Splunk® Enterprise

REST API Tutorials

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Creating searches using the REST API

Use the search/jobs endpoint to create a search job in a Splunk deployment. However, before creating searches you should be aware of how searches work and how to structure a search so you can easily access the results.

Learn about searches

You can learn about searches and how to write them in the Search Manual.

Here are some highlights from the Search Reference that can help you get started creating searches:

Additional information about working with searches is in the Search Manual:

REST endpoints for searches

Here is a brief description of some of the key endpoints for creating and accessing searches.

/search/jobs
Create searches or access the results of search jobs. Returns a search ID (sid) that you use when accessing the results of a search.

/search/jobs/export
Stream search results as they become available. Does not create a search ID for later access.

/search/jobs/{search_id}/control
Execute a job control command for a search, such as pause, setpriority, or finalize.

/search/jobs/{search_id}/events
Return untransformed events of a search.

/search/jobs/{search_id}/results
Return transformed events of a search.

/search/jobs/{search_id}/summary
Return summary information for fields of a search.

/search/jobs/{search_id}/timeline
Return event distribution over time of the so-far-read untransformed events.

/saved/searches
Create or access the configuration of saved searches.

Tips on creating searches

When creating a search (POST /search/jobs), consider the following properties of the search:

max_count
Set this parameter for searches returning more than the default maximum of 10000 events. Otherwise you may not be able to retrieve results in excess of the default.

status_buckets
To access summary and timeline information from a search job, specify a value for status_buckets. The default value is zero. For example, searches spawned from the Splunk timeline specify status_buckets=300.

rf
Use the rf parameter to add required fields to a search. Adding fields guarantees results for the endpoints that return events and a summary. (The required_fields parameter has been deprecated in favor of the rf parameter.)

Tips on accessing searches

When accessing the results of a search (GET /search/jobs/{search_id}), consider the following:

search, offset, and count parameters
Use these parameters to a GET operation to filter or limit the results returned.

dispatchState
dispatchState is one of the properties returned when accessing a search. It provides the state of a search, which can be any of the following:

QUEUED
PARSING
RUNNING
PAUSED
FINALIZING
FAILED
DONE

search job properties
The GET operation for /search/jobs returns all the properties of a search. These properties are described in the parameters to the POST operation. Search job properties are also described in View search job properties in the Search Manual.

performance
The GET operation for /search/jobs returns information that helps you troubleshoot the efficiency of a search. See the "Execution costs" section in View search job properties in the Search Manual.

Example: Create a search

Many calls to Splunk's API involve running some kind of search. For example, you may wish to run a search within Splunk Enterprise and POST the results to a third party application. Use the endpoints located at the ../services/search/<endpoint> URIs.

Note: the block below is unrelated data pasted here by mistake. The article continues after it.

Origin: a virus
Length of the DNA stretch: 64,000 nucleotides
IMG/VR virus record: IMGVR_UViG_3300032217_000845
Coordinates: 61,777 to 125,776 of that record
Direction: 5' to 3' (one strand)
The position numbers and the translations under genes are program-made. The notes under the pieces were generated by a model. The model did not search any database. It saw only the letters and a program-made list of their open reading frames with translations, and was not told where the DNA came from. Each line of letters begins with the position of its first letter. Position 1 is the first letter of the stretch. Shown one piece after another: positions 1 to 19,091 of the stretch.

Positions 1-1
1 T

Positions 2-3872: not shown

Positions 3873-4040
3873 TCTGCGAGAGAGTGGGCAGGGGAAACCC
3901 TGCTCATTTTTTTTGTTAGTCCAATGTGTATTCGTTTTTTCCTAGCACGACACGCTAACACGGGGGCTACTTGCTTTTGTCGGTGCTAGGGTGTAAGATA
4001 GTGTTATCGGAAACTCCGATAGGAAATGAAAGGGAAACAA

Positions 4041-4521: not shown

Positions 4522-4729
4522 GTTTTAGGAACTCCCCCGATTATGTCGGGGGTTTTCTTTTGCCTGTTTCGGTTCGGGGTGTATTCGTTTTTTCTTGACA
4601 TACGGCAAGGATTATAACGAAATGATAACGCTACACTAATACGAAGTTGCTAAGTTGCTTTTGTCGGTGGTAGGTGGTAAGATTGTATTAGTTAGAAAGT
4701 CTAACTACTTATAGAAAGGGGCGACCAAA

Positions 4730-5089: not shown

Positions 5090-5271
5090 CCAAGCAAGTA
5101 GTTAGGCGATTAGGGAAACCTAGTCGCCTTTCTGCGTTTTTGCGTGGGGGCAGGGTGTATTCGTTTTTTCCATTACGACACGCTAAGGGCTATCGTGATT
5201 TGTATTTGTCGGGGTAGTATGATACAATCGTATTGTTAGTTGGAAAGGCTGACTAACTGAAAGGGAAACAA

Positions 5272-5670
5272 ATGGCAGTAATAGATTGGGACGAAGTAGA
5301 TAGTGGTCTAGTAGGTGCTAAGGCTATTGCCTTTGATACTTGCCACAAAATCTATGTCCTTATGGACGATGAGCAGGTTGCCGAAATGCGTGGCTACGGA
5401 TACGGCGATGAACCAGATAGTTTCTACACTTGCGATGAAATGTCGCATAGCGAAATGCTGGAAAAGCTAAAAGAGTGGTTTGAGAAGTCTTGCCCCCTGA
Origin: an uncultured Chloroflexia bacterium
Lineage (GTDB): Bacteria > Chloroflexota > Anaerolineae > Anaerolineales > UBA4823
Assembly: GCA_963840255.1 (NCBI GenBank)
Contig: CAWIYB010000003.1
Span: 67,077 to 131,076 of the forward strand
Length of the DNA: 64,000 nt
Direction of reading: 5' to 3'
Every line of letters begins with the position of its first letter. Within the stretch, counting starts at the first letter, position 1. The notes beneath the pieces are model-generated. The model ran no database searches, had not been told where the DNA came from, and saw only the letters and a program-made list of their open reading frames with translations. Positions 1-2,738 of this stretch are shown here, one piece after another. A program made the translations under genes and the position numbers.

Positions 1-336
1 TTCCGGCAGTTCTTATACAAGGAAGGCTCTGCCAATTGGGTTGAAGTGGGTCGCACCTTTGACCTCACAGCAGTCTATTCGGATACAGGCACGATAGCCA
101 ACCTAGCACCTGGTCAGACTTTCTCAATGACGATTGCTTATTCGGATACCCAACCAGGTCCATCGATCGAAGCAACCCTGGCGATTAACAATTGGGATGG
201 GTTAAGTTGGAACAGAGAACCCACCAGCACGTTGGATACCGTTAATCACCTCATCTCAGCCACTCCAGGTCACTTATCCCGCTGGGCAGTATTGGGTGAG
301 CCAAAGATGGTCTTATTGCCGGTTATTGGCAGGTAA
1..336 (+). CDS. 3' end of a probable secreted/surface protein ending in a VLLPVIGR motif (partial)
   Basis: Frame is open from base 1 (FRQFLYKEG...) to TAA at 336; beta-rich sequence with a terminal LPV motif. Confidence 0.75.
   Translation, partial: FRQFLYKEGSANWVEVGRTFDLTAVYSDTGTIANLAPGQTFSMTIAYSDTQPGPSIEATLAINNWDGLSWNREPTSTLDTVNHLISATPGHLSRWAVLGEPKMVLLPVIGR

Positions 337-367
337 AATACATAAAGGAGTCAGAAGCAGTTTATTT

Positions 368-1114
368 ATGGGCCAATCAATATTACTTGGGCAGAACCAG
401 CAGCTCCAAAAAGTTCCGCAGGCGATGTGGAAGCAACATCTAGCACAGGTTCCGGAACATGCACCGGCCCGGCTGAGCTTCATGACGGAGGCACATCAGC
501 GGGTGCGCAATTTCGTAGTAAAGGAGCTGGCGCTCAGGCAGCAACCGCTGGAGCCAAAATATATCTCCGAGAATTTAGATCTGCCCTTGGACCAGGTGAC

When you run a search, the search process launches asynchronously. You can poll the jobs or events endpoint to see if your search has finished.

Create a search job

Create a search job using the POST operation at search/jobs/. Set your search as the POST payload. For example:

curl -u admin:changeme -k https://localhost:8089/services/search/jobs -d search="search *"

This simple example runs the search for *. It returns an XML response such as:

<?xml version='1.0' encoding='UTF-8'?>
<response>
  <sid>1258421375.19</sid>
</response>

You need the search ID to retrieve the search, which is returned within the <sid> tags. In the example above this is 1258421375.19.

Check status of a search

Check the status of a search job by accessing the GET operation of search/jobs/. If you know the search's ID, you can access search/jobs/{search_id} to get information about that search only:

curl -u admin:changeme -k https://localhost:8089/services/search/jobs/1258421375.19 

If you're not sure what searches you're running, the GET operation at search/jobs endpoint returns a list of searches with their search IDs.

curl -u admin:changeme -k https://localhost:8089/services/search/jobs/ 

Get search results

Use the results endpoint located at /search/jobs/<sid>/results/ to retrieve your search results. This endpoint returns results only when your search has completed. You can also get output from the events endpoint located at /search/jobs/{search_id}/events/ while your search is still running. For complete search results, use the results endpoint.

You can return search results in JSON, CSV or XML by setting the output_mode parameter. By default, results are returned in XML format.

For example, to retrieve search results in CSV format, make the following call.

Note: The curl listing includes --get because you are passing a parameter to a GET operation.

curl -u admin:changeme \
     -k https://localhost:8089/services/search/jobs/1258421375.19/results/ \
     --get -d output_mode=csv

Note: This is one method that you can use to export large numbers of search results. For more information about exporting search results, as well as information about the other export methods, see "Export search results" in the Search Manual.

Python example

This example script authenticates against a Splunk server and runs a search query in Python. After running the search, the script returns the search ID (sid).

#!/usr/bin/python -u

import urllib
import httplib2
from xml.dom import minidom

baseurl = 'https://localhost:8089'
userName = 'admin'
password = 'password'

searchQuery = '| inputcsv foo.csv | where sourcetype=access_common | head 5'

# Authenticate with server.